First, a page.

When choosing an LTIP, it's important to consider the goals you want to achieve. For example, small companies, and especially start-ups that compete with more established enterprise entities would do well to offer their key workers LTIPs. This helps offset the fact smaller organizations cannot offer all the perks a bigger corporation can. In this instance, it’s advisable to offer the employee an equity deal. That way they have a personal stake in the company. This is a key benefit for top talent to pick a small start-up over an established company - to have personal stake and ownership.
LTIPs are also an especially powerful way of keeping individuals motivated during lean times. The key workers a business relies upon will be more likely to stay loyal and incentivized to produce their best work at this critical time of a business’ life cycle if they perceive that a big future pay day is coming.
LTIPs should be performance-based, not just granted for the duration of service to the company. Hence, they shouldn't be used as a retention tool, but as an award for productivity measured according to the specific targets of your company. If an employee is only staying with the company for the LTIP, it's likely they're not fully committed to the organization and its goals.
Your strategic use of LTIP should be part of a holistic compensation and benefits package that considers the needs of all your employees. That way, your organization becomes a workplace that promotes the growth of its key workers, which in turn promotes organizational growth.
LTIPs that are too generous can result in the company losing control of its own destiny. If an LTIP is not well designed, it can also result in significant payouts for employees who are no longer with the company. To avoid these pitfalls, companies should consider LTIPs that are:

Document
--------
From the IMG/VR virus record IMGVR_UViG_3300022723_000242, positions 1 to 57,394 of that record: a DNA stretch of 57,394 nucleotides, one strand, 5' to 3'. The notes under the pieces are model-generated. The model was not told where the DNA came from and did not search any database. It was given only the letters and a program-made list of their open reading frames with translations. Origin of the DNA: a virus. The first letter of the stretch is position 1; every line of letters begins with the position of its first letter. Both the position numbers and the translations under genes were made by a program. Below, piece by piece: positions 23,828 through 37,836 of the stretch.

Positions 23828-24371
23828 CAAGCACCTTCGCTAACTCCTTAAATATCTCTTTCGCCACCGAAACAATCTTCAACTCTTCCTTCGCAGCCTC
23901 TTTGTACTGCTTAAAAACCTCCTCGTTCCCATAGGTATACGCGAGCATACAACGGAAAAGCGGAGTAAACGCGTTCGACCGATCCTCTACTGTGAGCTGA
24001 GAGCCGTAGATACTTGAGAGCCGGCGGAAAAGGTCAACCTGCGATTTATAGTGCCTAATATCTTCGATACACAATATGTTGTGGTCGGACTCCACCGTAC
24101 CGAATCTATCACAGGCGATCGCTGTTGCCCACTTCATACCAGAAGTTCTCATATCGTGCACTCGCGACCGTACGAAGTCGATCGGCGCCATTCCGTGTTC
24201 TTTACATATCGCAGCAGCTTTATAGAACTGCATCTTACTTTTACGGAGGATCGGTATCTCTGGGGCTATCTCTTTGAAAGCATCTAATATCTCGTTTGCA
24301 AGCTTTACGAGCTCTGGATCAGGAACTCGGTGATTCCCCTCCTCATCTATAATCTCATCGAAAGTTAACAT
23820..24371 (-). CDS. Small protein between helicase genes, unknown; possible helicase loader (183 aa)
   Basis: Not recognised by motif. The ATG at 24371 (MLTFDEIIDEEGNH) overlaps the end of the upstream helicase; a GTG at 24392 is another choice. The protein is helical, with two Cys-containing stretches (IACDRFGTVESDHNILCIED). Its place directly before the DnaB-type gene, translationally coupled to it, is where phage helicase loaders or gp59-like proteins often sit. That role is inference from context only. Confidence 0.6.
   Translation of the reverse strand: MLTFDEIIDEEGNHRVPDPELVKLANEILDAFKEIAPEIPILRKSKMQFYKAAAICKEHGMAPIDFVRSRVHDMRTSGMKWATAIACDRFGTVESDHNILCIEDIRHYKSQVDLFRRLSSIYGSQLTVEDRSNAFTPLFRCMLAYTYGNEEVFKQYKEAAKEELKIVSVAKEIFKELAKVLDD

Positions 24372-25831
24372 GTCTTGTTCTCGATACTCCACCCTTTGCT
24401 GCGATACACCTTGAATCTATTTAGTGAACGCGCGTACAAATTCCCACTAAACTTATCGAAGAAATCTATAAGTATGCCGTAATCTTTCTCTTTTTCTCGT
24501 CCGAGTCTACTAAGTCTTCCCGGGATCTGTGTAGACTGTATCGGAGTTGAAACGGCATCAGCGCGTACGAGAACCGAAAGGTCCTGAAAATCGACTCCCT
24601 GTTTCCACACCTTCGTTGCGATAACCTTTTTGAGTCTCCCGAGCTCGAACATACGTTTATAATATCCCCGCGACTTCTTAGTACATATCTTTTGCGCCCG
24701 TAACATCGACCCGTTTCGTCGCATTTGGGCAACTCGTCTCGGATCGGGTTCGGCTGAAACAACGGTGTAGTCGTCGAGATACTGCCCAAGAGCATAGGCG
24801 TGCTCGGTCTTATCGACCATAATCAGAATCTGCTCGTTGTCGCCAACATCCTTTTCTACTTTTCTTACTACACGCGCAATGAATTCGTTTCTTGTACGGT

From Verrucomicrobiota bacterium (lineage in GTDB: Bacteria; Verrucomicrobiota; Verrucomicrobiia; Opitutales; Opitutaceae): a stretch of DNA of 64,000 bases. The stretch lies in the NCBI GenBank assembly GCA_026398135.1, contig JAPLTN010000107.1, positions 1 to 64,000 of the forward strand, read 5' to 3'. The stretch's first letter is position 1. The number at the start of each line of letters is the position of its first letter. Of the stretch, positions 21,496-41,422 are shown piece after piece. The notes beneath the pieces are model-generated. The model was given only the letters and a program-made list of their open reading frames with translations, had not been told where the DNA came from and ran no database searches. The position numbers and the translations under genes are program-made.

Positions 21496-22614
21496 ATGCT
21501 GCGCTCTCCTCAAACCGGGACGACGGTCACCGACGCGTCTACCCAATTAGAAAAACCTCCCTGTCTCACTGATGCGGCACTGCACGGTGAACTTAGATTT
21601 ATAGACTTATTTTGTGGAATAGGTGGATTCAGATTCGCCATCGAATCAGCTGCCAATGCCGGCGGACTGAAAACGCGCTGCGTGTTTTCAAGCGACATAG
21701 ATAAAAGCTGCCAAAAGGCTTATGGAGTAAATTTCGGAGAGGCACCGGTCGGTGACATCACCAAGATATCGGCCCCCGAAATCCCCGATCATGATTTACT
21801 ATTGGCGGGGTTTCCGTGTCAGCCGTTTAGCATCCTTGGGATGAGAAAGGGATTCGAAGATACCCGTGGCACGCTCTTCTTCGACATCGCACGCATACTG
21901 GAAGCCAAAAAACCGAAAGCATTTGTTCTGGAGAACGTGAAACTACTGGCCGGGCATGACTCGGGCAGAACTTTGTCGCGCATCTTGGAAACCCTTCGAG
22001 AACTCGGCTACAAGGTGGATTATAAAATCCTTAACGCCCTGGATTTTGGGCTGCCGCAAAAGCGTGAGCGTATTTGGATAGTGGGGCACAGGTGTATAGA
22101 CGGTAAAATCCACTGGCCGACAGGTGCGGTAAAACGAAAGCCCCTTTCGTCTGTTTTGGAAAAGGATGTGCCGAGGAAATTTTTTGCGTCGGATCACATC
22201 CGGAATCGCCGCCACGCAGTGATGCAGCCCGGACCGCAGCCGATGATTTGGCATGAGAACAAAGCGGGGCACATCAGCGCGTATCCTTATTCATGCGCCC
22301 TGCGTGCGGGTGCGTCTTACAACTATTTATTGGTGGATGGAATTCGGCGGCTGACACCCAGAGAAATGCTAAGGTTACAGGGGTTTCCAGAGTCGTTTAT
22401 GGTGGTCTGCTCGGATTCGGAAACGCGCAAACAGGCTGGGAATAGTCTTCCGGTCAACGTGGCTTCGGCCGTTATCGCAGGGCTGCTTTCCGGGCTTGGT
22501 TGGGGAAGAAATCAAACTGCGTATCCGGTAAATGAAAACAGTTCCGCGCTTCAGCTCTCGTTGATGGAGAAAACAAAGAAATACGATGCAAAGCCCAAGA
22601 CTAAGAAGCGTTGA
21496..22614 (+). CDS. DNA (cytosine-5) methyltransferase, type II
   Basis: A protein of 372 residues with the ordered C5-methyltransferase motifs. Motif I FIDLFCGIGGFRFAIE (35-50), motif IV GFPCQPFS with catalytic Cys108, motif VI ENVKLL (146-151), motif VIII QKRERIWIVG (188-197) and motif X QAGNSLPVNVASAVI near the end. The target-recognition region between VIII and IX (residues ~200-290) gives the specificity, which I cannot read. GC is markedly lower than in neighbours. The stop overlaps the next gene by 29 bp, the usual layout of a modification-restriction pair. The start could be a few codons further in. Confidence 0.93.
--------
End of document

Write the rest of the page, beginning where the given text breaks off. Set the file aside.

These LTIP design elements will help ensure that employees are rewarded for long-term success, and that the company does not overcommit its equity.
LTIPs are a tool to incentivize and retain your best talent, so make sure you are using them as such. Whilst the trickle down benefits of LTIPs for workers outside the C-suite is in full swing, not every employee is vital to the long term success of your business.
LTIPs come in all shapes and sizes, so it’s important to pick the one that is right for your business goals and your employees. Do your own research on LTIPs before implementing them in your company. Consult with the experts, and make sure you understand all the pros and cons of LTIPs before moving forward. The most important thing to remember about LTIPs is that they are a tool, not a cure-all.
LTIPs are only as good as the performance metrics or peer-group you set. If these aren’t realistic or attainable, your LTIP will do more harm than good. There are several questions that need to be thought through properly before establishing your firm’s LTIPs. For instance, should you reward sales or sales activity? Should you grant LTIPs to employees with rare skills or extensive experience, or both?
With careful planning, LTIPs can be a great tool for retaining and motivating your key employees. No longer reserved solely for the C-suite, LTIPs are now a powerful way of retaining and ensuring you keep getting the best out of the human capital your business relies upon.
LTIPs are a great way to keep your employees motivated and focused on the long-term health of the company, rather than simply cashing out their stock options and looking for other opportunities.
LTIPs allow you to keep your top talent motivated, focused, and - most importantly - with your company for the long haul. The current job market is rife with unprecedented opportunities for job seekers. In the US alone there are around 10 million job openings yet some 8.4 million people remain unemployed. This is symptomatic of the mismatch between current compensation packages and what workers really want.
Workers today, can pick and choose who they work for. Or even if they work for a corporation at all. LTIPs provide a way to differentiate your organization from your competitors and secure the best talent possible.
When done correctly, they can help you retain your best employees and keep them focused on the long-term success of your company. Avoid using LTIPs as a replacement for salary or benefits, or to simply reward loyalty. Instead, focus on using the incentive plans to achieve specific goals that will help grow your business. When done correctly, the long term incentive plans will keep your employees engaged and motivated to assure the success of your company.